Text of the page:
What is an ecosystem?
An ecosystem, simply defined, is a community of all the living and non-living things in a specific geographic area. An ecosystem can be small, such as the area under a pine tree or a single hot spring in Yellowstone National Park, or it can be large, such as the Rocky Mountains, the rainforest or the Antarctic Ocean.
Whether alive (biotic) or not alive (abiotic), all components of an ecosystem impact each other directly or indirectly. For example, a small change in the temperature or moisture in soil (which is abiotic) can affect the microscopic organisms that live within it. The number and health of those micro-organisms then affect the plants that grow in the soil, and the plant growth then impacts the animals (including humans) in the food chain.
Defining and naming ecosystems is difficult because it’s not always clear where the boundaries lie. Sometimes ecosystems are based on natural topographic features, such as a mountain range or the edges of a lake. Other times, scientists outline ecosystems based on shared characteristics, such as an area with similar snowfall or flooding patterns. And sometimes, we define an ecosystem based on man-made boundaries, such as all the counties that rely on water from a particular river. As you can imagine, ecosystems often overlap and can also be subsets of one another.
Because there are no cut-and-dried answers to how an ecosystem’s boundaries are drawn, different people and organizations have developed their own systems.
Montana Fish, Wildlife and Parks (FWP) describes four large ecosystems in Montana based on shared environmental characteristics that affect vegetation and wildlife. FWP’s four main ecosystems are montane forest, intermountain grasslands, plains grassland and shrub grassland.
The Montana Agricultural Experiment Station (MAES) uses a different system to classify Montana’s ecosystems based on different types of rangeland. MAES defines 22 different Montana ecosystems. The Montana Field Guides–Ecological Systems of Montana, developed by the Montana Natural Heritage Program, names 62 ecosystems in our state!
National organizations such as the U.S. Forest Service and the Natural Resources Conservation Service also use their own systems, and their classifications of ecosystems usually overlap state and even international boundaries. Some conservation organizations define ecosystems based on threatened or endangered species that live in them.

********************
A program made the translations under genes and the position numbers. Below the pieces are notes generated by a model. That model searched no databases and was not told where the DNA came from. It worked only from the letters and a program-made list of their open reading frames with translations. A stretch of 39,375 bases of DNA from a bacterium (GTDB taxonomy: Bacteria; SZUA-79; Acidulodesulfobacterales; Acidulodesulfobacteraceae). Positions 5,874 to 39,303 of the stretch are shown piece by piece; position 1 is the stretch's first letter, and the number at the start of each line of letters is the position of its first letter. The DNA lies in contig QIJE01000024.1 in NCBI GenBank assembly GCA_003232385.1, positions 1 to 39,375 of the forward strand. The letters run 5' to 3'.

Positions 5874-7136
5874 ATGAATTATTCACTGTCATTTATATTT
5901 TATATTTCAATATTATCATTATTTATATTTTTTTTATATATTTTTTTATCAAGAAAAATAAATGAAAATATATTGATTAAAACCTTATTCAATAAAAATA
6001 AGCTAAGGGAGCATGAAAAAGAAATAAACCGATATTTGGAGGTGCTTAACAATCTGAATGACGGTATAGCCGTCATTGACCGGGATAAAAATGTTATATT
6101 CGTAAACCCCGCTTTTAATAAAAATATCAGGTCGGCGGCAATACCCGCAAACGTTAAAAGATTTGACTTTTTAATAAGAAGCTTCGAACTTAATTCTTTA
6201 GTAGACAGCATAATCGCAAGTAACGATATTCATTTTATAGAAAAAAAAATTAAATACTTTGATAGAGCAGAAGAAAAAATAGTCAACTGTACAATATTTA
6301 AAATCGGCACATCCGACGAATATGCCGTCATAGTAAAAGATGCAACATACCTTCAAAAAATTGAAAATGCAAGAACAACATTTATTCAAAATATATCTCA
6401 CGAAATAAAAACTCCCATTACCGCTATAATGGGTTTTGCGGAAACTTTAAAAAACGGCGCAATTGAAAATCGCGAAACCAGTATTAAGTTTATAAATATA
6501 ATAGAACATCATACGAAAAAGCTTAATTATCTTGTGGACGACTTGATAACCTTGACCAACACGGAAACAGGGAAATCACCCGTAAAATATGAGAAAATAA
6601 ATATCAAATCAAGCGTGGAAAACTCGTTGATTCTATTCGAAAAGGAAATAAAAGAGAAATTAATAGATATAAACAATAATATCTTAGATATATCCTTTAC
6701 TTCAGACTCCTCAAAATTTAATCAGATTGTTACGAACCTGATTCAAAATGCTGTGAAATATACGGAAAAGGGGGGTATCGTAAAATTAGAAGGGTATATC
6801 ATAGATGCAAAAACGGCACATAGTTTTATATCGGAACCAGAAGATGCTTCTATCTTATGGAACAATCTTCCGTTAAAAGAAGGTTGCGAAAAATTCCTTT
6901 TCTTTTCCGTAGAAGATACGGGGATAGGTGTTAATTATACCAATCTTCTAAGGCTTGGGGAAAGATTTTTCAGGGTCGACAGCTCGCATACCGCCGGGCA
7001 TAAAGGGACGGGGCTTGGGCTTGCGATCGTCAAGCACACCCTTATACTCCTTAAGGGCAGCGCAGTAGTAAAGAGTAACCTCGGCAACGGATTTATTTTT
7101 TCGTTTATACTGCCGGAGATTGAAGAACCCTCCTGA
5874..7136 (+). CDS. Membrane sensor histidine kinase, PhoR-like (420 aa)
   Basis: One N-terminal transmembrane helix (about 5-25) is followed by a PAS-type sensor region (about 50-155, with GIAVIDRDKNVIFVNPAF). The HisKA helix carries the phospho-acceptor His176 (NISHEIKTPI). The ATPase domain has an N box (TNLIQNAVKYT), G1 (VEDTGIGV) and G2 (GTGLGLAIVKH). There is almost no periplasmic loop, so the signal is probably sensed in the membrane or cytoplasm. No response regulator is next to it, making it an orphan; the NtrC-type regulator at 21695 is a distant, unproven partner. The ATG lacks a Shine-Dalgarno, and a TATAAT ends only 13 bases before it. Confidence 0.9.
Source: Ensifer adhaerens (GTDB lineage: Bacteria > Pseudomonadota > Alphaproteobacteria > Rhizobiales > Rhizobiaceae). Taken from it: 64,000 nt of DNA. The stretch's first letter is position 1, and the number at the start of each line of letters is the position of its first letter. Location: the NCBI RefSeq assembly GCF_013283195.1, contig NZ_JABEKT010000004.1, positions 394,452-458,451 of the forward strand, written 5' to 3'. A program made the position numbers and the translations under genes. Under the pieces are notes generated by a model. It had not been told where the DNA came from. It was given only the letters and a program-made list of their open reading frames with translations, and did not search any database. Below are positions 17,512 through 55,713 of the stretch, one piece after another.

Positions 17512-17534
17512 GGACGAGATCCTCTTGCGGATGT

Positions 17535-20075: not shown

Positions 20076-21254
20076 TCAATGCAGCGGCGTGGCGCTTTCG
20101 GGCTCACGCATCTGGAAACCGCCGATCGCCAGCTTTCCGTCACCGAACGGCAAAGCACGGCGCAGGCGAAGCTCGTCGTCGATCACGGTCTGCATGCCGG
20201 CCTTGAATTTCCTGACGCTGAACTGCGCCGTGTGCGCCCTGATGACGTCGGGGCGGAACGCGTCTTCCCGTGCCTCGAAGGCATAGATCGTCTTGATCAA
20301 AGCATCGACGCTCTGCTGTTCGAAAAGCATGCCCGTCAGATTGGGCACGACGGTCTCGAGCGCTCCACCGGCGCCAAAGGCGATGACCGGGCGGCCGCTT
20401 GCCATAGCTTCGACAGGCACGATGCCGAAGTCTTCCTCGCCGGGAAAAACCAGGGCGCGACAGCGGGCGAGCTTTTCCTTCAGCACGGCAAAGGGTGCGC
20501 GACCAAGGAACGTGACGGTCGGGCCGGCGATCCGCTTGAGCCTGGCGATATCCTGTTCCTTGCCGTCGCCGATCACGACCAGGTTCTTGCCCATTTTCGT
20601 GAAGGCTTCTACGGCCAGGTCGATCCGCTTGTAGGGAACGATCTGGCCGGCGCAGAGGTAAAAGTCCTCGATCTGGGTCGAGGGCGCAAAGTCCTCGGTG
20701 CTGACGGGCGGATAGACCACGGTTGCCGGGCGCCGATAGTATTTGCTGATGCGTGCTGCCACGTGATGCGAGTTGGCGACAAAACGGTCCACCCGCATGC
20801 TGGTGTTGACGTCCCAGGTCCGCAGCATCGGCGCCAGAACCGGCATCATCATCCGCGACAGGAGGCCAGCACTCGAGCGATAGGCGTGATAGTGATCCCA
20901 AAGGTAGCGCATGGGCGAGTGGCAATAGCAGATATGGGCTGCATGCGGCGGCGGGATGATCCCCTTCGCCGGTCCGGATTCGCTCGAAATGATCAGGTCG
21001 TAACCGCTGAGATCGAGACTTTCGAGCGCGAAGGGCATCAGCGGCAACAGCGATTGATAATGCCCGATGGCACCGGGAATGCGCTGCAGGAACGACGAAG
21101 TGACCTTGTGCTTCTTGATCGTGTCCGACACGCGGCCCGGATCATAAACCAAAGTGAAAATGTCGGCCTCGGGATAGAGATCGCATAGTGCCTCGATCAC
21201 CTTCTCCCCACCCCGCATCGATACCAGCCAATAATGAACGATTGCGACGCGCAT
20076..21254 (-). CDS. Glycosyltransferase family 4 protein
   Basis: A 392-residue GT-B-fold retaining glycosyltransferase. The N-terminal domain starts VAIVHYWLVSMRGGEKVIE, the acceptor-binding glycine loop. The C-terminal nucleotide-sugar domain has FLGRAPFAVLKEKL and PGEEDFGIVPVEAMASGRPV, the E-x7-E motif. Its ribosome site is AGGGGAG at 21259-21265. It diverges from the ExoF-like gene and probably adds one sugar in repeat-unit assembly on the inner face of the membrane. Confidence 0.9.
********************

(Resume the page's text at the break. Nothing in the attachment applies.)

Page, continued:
You might even argue that the State of Montana’s “Tourism Regions” are like ecosystems because they are based on common factors that bind members of these geographic areas together.
For its research projects, the Montana Institute on Ecosystems has delineated four major Montana ecosystems: the Crown of the Continent, the Greater Yellowstone Ecosystem, the Upper Missouri, and the High Plains Ecosystem.
IoE research project examples
High Plains Ecosystem
In the High Plains region surrounding the Fort Belknap Reservation, researchers from Aaniiih Nakoda College are studying “prairie potholes” – depressional wetlands that were formed as glaciers receded across the continent during the last ice age. These prairie pothole wetland areas are home to the breeding and nesting grounds for more than half of all migrating ducks in North America and changes in climate may affect seasonal precipitation, thus negatively impacting the birds, amphibians and aquatic insects that call these areas home.
Crown of the Continent Ecosystem
In the Crown of the Continent ecosystem surrounding Glacier National Park, researchers are studying how the floodplains of large rivers, such as the North Fork of the Flathead, impact the overall health of the river. Such work is important to everyone who lives, works or recreates on rivers, from fishing guides and rafters to industrial users and regulators.
Greater Yellowstone Ecosystem
Scientists in the Greater Yellowstone Ecosystem are using paleoecology–the study of historical human-caused and natural events –to reconstruct a record of wildfires across the region. With this historical record of fire’s impacts on forests and grasslands, scientists can make predictions about how fire will impact the West in times of changing climate.
Upper Missouri Ecosystem
In the Tenderfoot Creek Experimental Forest (TCEF) north of White Sulphur Springs, researchers are measuring how much methane gas is released by microbes in the soil to see how changes in rain and snowpack impact vegetation growth. Their work will help forest managers prepare for and respond to drier or wetter conditions.